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Thursday, October 21, 2021

UF Health professor Mavis Agbandje-McKenna dies at 57

The doctor was respected worldwide for her contributions to science research

Even in her absence, Dr. Mavis Agbandje-McKenna’s fierce dedication to science and research serves as an empowering example for women in science. 

As a graduate student at Purdue University, she was the only Black woman in a conference to discuss virus development and gene therapy. At the time, the field was widely dominated by white male scientists, said Dr. April Burch, Agbandje-McKenna’s friend and colleague of about 20 years.

“She was like a beacon of youth and color and personality,” Burch said. “I was in awe of her. 

 She was so fierce, so outwardly confident, no matter what she was struggling with.” 

Agbandje-McKenna, a UF Health biochemistry professor and structural biologist, died March 3 of a neurodegenerative disease. She was 57.

She died at home of amyotrophic lateral sclerosis, better known as ALS or Lou Gehrig’s disease, which is a progressive nervous system disease that causes loss of muscle control.

Agbandje-McKenna joined UF’s faculty in 1999, where she worked with research to develop disease treatment, according to her UF Health biography. Before coming to the university, she received her Ph.D. in biophysics from the University of London in 1989 and worked in different departments and laboratories in the U.S. and England.

As a female doctor herself, Burch said women in science struggle internally, but Agbandje-McKenna was just always “a light” in the field.

“Her laugh is something I will never forget,” Burch said. “No matter how stressful science got, and funding got, and competitiveness got, she always had her sense of humor.”

In 2018, Agbandje-McKenna received UF’s Innovator of the Year award for her work with AAV gene therapy, which uses engineered viruses to deliver working genes to a patient’s damaged cells. She said in a 2018 UF Health article that this therapy technique would be a step in developing an understanding of how viruses like these work with the human immune system. 

In 2020, she received one of the American Society of Gene & Cell Therapy’s highest honors, the Outstanding Achievement Award, which is awarded to members of the society who have developed or achieved research success or made significant contributions to the gene and cell therapy fields.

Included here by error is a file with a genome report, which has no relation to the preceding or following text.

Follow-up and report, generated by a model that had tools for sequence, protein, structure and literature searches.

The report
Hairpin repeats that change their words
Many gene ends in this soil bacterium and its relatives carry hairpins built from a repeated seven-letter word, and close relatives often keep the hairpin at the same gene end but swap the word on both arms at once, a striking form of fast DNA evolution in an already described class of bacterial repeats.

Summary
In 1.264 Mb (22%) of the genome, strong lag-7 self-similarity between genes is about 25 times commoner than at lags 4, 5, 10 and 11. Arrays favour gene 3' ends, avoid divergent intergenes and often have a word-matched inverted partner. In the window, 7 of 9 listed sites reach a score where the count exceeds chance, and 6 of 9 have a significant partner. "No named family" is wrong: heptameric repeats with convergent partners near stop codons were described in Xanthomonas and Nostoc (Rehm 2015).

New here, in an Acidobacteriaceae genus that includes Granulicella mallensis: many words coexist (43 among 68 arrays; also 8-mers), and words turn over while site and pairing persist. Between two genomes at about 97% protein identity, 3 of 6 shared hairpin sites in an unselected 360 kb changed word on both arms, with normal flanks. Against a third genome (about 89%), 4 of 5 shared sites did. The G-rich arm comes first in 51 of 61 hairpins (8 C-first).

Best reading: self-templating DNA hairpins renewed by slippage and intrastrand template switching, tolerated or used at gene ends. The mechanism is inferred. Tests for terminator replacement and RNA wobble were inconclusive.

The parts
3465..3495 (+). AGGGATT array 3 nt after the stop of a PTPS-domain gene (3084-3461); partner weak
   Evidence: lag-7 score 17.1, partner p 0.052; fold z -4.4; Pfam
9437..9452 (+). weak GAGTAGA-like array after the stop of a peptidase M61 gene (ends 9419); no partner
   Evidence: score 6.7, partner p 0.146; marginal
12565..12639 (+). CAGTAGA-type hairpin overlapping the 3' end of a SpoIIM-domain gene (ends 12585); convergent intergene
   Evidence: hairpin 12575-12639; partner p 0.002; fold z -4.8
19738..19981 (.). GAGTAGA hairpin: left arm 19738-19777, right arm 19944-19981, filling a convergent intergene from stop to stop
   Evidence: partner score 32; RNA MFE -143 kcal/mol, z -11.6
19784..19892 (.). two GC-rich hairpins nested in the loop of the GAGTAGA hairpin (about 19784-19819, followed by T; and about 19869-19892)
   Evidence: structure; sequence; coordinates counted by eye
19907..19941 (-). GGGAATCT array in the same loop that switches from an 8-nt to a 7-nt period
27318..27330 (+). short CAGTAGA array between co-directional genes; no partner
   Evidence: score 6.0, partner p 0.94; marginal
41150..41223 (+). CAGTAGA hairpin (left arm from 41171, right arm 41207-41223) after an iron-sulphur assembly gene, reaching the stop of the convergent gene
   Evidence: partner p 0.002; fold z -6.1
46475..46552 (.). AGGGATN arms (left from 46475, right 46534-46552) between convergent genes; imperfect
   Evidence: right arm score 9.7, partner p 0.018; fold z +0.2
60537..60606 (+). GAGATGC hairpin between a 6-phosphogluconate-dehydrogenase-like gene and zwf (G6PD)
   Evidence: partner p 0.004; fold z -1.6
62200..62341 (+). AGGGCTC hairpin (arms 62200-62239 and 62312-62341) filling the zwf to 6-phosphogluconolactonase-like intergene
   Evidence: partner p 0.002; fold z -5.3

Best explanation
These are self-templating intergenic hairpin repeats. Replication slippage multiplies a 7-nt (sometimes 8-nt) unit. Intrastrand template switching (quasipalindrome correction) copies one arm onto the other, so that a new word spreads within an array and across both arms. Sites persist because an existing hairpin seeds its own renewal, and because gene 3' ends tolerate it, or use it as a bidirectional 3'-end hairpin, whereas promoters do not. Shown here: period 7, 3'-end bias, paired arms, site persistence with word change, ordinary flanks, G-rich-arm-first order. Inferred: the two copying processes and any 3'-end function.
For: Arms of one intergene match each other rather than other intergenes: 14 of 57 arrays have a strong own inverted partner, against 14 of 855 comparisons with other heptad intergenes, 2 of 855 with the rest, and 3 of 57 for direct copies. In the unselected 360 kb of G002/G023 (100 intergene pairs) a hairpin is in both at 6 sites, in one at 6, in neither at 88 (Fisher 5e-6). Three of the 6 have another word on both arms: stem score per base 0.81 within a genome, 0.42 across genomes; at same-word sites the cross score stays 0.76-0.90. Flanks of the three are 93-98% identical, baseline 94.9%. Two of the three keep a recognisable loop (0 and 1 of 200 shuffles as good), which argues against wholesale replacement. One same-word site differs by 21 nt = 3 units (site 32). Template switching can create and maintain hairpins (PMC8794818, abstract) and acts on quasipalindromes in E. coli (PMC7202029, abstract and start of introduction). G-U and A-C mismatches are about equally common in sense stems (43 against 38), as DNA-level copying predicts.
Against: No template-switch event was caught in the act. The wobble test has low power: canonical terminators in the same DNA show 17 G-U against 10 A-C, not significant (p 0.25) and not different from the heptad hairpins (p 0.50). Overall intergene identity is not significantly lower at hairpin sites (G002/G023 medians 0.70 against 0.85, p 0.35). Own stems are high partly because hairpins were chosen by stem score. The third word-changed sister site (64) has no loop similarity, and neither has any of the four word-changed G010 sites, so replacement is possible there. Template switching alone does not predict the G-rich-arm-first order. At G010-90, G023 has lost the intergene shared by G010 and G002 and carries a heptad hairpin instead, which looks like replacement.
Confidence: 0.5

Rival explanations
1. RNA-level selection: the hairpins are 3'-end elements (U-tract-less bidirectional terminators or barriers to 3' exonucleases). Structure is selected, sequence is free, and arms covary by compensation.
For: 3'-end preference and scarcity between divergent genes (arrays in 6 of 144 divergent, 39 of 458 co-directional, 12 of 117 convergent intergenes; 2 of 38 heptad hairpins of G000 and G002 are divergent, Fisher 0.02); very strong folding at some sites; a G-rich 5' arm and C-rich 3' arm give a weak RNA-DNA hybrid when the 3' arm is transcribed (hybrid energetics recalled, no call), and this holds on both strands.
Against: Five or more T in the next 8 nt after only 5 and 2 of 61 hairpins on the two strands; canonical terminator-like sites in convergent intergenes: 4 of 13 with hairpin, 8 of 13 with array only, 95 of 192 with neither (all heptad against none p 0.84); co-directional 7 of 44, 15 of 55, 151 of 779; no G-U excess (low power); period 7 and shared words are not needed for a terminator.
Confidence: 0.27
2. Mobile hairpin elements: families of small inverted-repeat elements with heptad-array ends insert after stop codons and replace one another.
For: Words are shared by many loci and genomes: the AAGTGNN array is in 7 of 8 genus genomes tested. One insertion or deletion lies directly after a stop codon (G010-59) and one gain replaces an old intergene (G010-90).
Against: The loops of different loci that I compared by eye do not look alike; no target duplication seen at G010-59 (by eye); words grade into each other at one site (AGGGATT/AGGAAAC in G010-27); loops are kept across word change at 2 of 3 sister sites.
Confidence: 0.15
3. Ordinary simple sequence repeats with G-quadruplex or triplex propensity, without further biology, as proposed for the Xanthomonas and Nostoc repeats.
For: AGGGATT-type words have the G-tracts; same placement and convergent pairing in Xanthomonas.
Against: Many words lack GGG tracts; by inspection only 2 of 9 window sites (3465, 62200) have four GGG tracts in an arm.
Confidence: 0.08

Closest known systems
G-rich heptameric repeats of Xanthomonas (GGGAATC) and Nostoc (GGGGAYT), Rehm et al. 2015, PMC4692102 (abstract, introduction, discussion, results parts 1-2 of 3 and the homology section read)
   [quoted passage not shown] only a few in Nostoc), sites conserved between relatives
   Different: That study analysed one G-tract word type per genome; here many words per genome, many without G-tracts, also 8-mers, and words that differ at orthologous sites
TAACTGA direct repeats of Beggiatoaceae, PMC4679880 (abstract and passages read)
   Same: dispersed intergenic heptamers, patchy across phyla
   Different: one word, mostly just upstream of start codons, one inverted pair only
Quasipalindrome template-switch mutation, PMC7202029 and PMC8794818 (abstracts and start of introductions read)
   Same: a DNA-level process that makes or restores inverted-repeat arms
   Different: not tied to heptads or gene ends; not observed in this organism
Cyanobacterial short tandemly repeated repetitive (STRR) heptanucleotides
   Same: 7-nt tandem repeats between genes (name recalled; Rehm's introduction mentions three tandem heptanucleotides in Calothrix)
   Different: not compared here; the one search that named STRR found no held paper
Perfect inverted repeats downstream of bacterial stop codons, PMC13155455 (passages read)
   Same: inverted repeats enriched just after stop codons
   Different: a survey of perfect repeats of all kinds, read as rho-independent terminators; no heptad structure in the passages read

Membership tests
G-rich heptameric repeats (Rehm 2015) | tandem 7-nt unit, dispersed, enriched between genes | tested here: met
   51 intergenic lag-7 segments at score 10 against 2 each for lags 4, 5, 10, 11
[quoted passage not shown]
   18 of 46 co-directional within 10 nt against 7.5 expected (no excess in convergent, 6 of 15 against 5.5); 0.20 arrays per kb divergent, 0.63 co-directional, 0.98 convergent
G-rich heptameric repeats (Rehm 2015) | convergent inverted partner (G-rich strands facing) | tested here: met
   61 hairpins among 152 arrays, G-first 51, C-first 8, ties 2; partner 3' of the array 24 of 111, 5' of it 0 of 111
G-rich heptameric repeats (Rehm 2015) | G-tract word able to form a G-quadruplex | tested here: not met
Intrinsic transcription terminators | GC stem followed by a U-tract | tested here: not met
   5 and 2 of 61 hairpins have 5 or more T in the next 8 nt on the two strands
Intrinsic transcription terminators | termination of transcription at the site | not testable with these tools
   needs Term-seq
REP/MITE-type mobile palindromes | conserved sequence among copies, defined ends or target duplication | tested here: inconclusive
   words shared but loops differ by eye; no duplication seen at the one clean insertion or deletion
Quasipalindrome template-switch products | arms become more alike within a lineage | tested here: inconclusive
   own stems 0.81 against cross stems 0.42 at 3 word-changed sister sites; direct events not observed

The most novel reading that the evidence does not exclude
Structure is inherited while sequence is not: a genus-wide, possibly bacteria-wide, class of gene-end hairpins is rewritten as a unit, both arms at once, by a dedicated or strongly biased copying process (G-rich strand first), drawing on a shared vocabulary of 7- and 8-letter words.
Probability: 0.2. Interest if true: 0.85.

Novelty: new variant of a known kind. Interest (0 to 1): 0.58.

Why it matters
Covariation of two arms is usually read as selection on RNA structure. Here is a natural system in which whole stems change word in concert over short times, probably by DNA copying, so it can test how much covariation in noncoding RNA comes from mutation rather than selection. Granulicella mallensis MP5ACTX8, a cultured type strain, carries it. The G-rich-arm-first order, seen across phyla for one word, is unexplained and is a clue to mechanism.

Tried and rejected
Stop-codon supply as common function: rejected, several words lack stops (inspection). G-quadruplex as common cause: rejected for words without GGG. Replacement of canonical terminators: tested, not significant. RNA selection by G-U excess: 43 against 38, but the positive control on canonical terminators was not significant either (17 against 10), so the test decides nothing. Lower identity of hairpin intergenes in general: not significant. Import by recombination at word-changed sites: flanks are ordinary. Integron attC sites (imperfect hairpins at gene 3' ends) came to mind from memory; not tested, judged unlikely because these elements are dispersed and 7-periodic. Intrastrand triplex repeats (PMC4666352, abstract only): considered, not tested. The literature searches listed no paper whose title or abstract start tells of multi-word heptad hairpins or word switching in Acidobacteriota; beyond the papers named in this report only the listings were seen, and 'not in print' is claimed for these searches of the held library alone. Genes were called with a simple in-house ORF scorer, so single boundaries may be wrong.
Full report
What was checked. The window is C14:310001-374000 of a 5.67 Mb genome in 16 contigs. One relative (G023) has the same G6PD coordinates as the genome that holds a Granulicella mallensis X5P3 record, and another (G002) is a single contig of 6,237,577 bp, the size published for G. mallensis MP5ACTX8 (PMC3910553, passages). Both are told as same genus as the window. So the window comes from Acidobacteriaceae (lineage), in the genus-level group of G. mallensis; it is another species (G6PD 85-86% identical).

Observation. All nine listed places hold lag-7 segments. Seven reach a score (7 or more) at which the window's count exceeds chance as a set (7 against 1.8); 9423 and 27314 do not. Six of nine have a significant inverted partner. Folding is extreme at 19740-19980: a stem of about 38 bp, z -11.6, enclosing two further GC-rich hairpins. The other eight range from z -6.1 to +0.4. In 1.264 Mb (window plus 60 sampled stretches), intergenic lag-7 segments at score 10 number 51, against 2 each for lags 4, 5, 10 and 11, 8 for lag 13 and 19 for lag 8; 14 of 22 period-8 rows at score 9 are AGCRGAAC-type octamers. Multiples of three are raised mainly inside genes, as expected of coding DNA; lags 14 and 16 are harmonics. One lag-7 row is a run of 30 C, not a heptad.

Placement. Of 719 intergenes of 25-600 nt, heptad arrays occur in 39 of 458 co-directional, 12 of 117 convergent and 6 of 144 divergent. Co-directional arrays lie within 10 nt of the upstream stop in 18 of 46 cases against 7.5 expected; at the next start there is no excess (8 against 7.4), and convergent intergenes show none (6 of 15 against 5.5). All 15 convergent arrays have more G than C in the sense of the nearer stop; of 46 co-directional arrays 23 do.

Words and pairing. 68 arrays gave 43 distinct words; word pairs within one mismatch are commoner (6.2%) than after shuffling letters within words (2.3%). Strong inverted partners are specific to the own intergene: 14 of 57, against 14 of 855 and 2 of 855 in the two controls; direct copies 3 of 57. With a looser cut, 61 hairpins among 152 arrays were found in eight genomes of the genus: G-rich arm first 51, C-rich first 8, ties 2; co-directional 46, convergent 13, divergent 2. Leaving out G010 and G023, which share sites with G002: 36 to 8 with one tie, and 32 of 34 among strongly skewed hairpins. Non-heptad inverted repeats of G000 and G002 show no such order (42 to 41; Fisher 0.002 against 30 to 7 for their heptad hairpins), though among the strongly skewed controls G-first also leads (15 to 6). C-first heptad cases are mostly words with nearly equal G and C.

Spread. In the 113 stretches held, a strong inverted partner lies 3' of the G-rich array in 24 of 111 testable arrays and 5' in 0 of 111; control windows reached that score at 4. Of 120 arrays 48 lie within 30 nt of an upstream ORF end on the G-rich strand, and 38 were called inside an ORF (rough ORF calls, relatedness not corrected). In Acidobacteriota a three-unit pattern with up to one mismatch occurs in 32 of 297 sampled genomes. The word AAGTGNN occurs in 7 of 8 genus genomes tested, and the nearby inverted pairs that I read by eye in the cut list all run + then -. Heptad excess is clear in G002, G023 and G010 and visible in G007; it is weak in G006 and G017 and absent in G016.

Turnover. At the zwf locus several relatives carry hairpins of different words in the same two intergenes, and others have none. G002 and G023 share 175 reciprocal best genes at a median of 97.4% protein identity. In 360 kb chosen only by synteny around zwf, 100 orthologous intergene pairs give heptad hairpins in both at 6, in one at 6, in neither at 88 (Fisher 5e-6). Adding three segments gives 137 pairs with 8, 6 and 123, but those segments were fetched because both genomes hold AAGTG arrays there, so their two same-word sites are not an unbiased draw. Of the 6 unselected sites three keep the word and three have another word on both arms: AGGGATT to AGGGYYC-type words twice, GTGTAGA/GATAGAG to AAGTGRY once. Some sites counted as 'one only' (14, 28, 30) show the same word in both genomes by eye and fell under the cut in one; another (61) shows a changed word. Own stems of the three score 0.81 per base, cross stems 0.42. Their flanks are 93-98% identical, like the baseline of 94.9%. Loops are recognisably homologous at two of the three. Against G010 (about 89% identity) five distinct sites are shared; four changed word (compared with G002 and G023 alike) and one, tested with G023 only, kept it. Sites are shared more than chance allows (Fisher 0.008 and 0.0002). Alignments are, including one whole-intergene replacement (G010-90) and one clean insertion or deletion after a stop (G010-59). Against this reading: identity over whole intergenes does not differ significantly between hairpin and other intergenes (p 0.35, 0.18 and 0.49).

Nicholas Muzyczka worked on gene therapy with Agbanjde-McKenna for close to 20 years at UF.

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He said he was the first to volunteer to work with Agbandje-McKenna and her husband to study the biology of the adeno-associated virus (AAV) at UF. He said he admired how smart and quick she was.

“It took me 20 years to learn how to write a grant; it took her 2 months,” Muzyczka said.

He said Agbandje-McKenna would tell everyone he had done something nice by teaching her grant writing before she became experienced, but Muzyczka said Agbandje-McKenna would have easily learned on her own.

“She was just so smart. She managed to go through any type of problem,” he said. “I mean, after a few minutes with Mavis, problems seem to melt away.”

Anyone who went into her office or lab would always find her smiling and laughing, Muzyczka said.

He said Agbandje-McKenna was the most fun colleague he has had and will miss working with her.

She is survived by her husband Robert McKenna, their two adult children and the many friends and colleagues who knew and learned from her.

Contact Carolina Ilvento at Follow her on Twitter @CarolinaIlvento.

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Carolina Ilvento

Carolina is a second-year journalism major with a minor in sustainability. In the past, she covered stories and events for WUFT, and she is now reporting on Student Government for The Alligator. Carolina loves to do yoga and go to the beach whenever she isn't writing.

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